stingray

Over the course of eighteen weeks, our Ocean Explorers club dives into the world of marine biology and explores different animals and habitats all around our oceans. Each week we change topic – one week we might be talking about life on the coral reef and the next might be a deep dive into sharks but all sessions are filled with inspiring images, videos, and facts. Every class is all-encompassing, so you can dip in and out for a week at a time or stay with us for the full cycle and become a fully-fledged Ocean Explorer! Let’s dive in and check out our topics. This time – rays.

Rays

Believe it or not, rays are fish! Whilst they might not look like your average fish, they have gills, which enable them to breathe underwater and they spend their whole lives living under the sea. Rays are in the same family as sharks and often get referred to as “flat sharks”. Let’s have a look at some of the different kinds of rays!

Stingrays

Stingrays are probably the most well-known of the rays. Their name comes from the “stinger” they have halfway down their tail. The stinger is barbed with sharp spikes and is used as a defence against any predators. Stingrays are not typically aggressive and will only utilise their stinger in a life-or-death scenario.

Manta Rays

The largest of all the rays, manta rays can grow up to 7m (21ft) across. Unlike stingrays, mantas do not have a stinger. Instead, they rely on their large size to protect them from predators. Manta rays are filter feeders and can often be seen swimming around with their mouths wide open feeding on microscopic zooplankton.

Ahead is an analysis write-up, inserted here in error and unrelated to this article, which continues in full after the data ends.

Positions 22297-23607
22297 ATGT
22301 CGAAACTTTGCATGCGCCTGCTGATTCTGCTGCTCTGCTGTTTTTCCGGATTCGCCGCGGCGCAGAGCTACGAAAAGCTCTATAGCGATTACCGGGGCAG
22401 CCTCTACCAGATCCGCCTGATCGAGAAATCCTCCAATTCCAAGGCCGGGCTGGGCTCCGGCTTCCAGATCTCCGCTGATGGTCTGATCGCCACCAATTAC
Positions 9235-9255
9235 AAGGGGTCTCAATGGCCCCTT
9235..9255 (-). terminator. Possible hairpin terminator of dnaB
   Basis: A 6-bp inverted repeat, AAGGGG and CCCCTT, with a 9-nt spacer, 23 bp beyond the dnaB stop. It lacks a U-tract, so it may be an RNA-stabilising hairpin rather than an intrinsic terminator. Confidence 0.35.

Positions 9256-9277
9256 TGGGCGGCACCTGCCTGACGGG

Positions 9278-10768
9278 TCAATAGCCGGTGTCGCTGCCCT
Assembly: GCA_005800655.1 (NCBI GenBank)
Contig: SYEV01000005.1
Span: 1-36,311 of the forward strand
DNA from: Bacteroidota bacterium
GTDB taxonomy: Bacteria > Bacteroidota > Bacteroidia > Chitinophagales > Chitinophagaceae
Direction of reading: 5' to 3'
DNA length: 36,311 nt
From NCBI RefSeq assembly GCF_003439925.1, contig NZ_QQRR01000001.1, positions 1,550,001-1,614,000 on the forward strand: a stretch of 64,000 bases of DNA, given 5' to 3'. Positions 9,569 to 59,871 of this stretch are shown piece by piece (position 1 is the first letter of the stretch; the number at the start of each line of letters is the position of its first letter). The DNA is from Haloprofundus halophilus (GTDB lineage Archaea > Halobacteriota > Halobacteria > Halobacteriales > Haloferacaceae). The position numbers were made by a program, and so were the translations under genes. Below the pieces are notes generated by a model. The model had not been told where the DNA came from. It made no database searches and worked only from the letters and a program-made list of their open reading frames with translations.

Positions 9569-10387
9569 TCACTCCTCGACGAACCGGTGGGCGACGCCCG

Eagle Rays

Eagle rays are usually found swimming high up in the water column, which is unlike stingrays, who tend to sit on the seabed. Their diamond shape and pointed snout can also help to differentiate them from their rounded cousins, the stingrays. Eagle rays often have long tails and swim with their pectoral fins (the fins on the sides of their body), beating them at the same time, like a bird flying – hence their name!

Electric Rays

Sometimes called torpedo rays, electric rays are some of the smallest of the ray family. They often swim close to the bottom and are well camouflaged with their mottled brown colouring. If their camouflage and low profile does not work to evade predators, they have another trick up their sleeve…electric rays are named for their ability to produce an electric shock!

‘Rays’ is just one of the 18 topics we have in our Ocean Explorers course cycle. Here you’ll be introduced to some of the rays that swim the world’s oceans and find out where they get their names and how they have adapted to life under the waves.


Ready to start your ocean exploring journey? To sign up and become an Ocean Explorer today click here. While you wait for your first class, why not follow us on Facebook, where we regularly share fun facts, craft ideas and cute videos. You might also like to sign up to our monthly WiseKids newsletter for a monthly dose of marvellous marine-themed content straight to your inbox!

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